Continuing my master plan of making our way around all English Heritage’s sites…
Earlier this summer, we visited one of our favourite English Heritage sites, Witley Court & Gardens in Worcestershire (page 222 of the handbook), which is about 40 minutes from where we live and an easy drive.
Witley Court is a 19th century mansion that was one of England’s grandest homes before it burned down in 1937, leaving a rather impressive if eerie shell.
Note: This photo is by Robek (Own work) via creative commons as mine didn’t turn out – all the rest are mine
The house is surrounded by landscaped gardens which include a still working fountain showing Perseus and Andromeda that is “fired” several times a day.
Around the house are woodland walks where you can see all types of trees, shrubs, and flowers, a lovely little waterfall and a lake which, in nice weather, is so peaceful you forget where you are.Read More »
Aside from reading, one of the ways I love to spend my time is pottering around stately homes and ruins, imagining what life would have been like way back when and generally trying to soak up a sense of place and time. To make sure I get my fill, a few years ago we joined English Heritage and since then, I’ve been on a mission to visit every one of their sites – we manage about one a month so I should be able to get there (I’m not that old).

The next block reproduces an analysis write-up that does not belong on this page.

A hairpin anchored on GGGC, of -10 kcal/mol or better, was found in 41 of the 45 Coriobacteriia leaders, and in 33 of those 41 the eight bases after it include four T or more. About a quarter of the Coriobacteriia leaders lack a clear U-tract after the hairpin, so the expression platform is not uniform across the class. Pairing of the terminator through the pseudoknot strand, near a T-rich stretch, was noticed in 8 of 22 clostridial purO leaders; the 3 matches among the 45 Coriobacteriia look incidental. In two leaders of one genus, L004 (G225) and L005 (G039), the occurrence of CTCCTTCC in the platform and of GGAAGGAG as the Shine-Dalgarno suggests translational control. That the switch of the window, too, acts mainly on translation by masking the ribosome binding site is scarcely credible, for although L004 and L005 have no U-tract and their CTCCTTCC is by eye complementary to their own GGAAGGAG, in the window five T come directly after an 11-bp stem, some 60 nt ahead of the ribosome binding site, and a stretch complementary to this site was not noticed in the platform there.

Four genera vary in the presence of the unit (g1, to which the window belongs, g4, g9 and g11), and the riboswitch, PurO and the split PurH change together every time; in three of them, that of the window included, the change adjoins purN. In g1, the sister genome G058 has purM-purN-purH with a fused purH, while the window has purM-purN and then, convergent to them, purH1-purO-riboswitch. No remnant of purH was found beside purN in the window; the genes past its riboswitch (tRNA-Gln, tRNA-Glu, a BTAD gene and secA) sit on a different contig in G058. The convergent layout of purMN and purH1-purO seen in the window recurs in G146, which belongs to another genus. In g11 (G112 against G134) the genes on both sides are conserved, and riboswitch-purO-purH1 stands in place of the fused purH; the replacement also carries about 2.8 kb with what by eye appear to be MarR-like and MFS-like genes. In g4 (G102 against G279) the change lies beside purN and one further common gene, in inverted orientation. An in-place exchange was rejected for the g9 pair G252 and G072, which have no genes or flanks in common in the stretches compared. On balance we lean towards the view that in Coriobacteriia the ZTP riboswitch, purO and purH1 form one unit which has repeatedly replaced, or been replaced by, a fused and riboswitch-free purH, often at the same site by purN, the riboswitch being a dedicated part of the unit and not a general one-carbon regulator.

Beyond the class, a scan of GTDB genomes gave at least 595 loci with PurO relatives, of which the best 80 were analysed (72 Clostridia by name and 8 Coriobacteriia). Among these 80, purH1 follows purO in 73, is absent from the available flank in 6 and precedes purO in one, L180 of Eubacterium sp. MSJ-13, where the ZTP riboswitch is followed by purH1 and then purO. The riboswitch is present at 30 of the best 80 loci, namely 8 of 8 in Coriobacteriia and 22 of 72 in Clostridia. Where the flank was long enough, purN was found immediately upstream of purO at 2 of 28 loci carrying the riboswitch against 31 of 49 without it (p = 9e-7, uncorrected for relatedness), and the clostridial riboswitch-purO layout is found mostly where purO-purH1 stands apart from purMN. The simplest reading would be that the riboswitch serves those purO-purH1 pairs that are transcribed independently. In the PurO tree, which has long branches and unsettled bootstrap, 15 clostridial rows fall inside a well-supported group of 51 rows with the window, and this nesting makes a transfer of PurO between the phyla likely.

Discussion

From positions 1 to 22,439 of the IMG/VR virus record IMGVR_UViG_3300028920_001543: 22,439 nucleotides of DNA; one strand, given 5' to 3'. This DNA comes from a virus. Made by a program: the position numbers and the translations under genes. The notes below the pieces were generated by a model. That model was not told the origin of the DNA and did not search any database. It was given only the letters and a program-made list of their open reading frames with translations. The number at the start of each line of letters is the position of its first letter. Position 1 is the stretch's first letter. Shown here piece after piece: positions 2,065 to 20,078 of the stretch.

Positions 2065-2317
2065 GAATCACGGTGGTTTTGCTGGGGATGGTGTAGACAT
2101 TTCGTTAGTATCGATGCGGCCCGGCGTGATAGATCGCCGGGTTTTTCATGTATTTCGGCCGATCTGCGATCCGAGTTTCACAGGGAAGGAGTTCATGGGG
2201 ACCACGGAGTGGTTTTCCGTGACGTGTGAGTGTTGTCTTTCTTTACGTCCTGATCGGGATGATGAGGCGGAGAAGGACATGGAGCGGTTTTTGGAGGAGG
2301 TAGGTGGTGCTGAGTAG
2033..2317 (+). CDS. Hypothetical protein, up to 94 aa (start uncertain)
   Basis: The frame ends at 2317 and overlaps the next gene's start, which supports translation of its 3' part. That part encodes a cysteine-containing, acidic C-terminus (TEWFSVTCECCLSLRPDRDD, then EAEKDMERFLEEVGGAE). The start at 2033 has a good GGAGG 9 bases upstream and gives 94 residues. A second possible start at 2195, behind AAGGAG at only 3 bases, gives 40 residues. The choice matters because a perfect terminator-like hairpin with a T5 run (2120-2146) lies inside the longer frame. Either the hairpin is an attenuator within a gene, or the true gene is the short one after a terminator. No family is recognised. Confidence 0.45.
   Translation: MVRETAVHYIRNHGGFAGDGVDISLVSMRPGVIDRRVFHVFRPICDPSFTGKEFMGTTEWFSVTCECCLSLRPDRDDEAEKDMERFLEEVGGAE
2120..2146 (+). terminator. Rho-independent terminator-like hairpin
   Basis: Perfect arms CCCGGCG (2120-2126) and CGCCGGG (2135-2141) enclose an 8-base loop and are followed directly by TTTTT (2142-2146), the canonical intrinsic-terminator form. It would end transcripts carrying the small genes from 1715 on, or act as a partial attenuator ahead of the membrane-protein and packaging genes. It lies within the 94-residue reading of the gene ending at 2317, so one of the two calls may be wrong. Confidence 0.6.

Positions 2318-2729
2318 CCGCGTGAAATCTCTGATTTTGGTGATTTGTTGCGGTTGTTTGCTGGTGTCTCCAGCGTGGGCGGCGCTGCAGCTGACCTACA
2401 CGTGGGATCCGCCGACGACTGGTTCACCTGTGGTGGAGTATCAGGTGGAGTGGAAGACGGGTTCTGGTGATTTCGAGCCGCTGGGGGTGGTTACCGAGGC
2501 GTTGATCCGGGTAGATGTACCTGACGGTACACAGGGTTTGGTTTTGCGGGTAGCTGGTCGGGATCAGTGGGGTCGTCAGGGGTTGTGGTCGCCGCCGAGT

With our holidays starting, I’ve been spending a fair bit of time with my nose in the English Heritage handbook planning day trips. Whilst a handbook isn’t necessarily a book, I thought posting about the places we visit (or have visited) might be a nice way to share a different slice of my life…and encourage me to keep on with my mission.
First up is Brodsworth Hall and Gardens just outside Doncaster, South Yorkshire (page 251 of the guide). We’ve visited there a few times, most recently at the start of the summer, on a slightly grey day, and really enjoyed it.
Brodsworth Hall is a Victorian country house built in the Italianate style. It has barely changed since it was built the 1860s. When English Heritage took over the property in the late 80s, they decided to conserve rather than restore the furnishings, showing the house as it was, not what it had been. I wasn’t able to take photos inside the house, but it is fascinating.
When we were there last, you had to book on a tour – when we went last year we had been able to walk around ourselves. As we’d been before, we decided to not worry about booking a tour and spent the afternoon in the gardens, which have been restored and were full of colour.
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